Selling a registered Scottish Terrier is a Responsibility to its breeder. Purchasing, providing for the care, training, and safety of a puppy are equal responsibilities for a new owner. Buyers should carefully select a breeder (See How to Select a Breeder). How one raises a Scottie, what one feeds a Scottie, how much attention and exercise one provides their scottie, and what kind of health care and immunization protection one provides is the future responsibility of the adopter. Doing the right thing for a Scottie puppy is, in reality, a protection of one's investment and helps to insure that your Scottie lad or lassie will have a long and happy life.
While we believe that everyone who truly loves the breed and has the right living conditions ought to own a Scotty, we don't believe everyone or every dog should be bred. To reduce pet over population and to minimize the perpetuation of breed faults, companion Scotties are sold on spay/ neuter contracts. Neutering dogs can reduce the risks of certain types of cancer. Bitches do not have to whelp a litter to be a loving. Scotties are loving by nature. They are devoted, willing to please but independent little dogs. Show potential Scotties are sold on contracts which delineate obligations for completing the Scottie's championship, breeding, and assistance. From whomever you acquire your Scottie, you should insist that all details be delineated in writing with a contract. To this end, McVan Scotties requires written contracts for the sale of companion and show potential Scotties. See a sample contract in Vandra's article section of the webpage.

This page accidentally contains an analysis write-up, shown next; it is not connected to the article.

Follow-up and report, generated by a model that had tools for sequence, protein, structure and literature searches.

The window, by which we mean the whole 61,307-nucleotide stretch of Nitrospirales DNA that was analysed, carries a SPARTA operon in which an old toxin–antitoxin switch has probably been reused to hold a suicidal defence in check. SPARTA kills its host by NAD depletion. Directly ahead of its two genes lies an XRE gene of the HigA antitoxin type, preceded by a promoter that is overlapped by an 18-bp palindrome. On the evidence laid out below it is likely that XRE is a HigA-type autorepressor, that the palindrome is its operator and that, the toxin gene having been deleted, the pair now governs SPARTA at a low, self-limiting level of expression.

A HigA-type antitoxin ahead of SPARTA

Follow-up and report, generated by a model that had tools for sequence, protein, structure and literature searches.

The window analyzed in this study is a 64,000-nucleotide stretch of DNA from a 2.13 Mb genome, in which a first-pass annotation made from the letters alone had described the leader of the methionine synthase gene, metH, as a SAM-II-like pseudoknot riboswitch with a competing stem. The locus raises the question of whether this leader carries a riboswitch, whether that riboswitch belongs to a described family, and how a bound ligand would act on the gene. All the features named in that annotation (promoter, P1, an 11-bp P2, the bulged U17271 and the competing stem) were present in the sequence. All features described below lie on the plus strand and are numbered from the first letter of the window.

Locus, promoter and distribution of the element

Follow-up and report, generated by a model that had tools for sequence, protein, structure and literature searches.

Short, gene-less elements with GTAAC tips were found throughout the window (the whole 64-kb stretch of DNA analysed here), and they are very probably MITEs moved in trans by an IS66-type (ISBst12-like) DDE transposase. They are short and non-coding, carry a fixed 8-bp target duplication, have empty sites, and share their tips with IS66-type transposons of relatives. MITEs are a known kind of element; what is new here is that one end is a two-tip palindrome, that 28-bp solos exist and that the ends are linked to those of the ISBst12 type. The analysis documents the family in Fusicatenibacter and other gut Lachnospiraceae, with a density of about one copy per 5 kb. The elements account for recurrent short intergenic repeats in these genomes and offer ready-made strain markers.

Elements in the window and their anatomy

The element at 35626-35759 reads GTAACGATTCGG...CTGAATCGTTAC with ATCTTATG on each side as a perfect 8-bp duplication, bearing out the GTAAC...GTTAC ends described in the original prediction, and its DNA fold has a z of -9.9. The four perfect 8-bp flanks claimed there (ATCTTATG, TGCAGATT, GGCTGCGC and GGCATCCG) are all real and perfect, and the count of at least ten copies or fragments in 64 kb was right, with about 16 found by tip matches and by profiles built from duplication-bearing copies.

Scottie puppies are doggie children, and children are human puppies. As with a new baby, all can share in the joy of the new addition. With baby or puppy raising, the child should not be placed beyond its level of competence and reliability. We do not believe that a Scottie should be purchased to "teach a child responsibility." A scottie is a member of the family and is everyone's responsibility. We also do not recommend buying a Scottish terrier as a surprise present. From our experience, surprise doggies often turn into returned or neglected Scotties.
Whenever possible we want to meet the people our Scotties will own. And we want them to meet us and the McVan clan.
Because McVan Scotties are well socialized in our home, they usually adapt quickly to new places and people. However, they still will need to be taught YOUR do's and don'ts and be house trained upon adoption. Scotties were bred to go to ground. Therefore, they like "caves" and covered enclosures. A crate is useful so your Scottie will have a "safe haven. Fenced yards are required; swimming pools are a BIG negative. Because of the disproportionate body to leg mass, Scotties do not swim well and drown easily. We are not fond of boats as we had one of our puppies who purportedly was in a life jacket drown.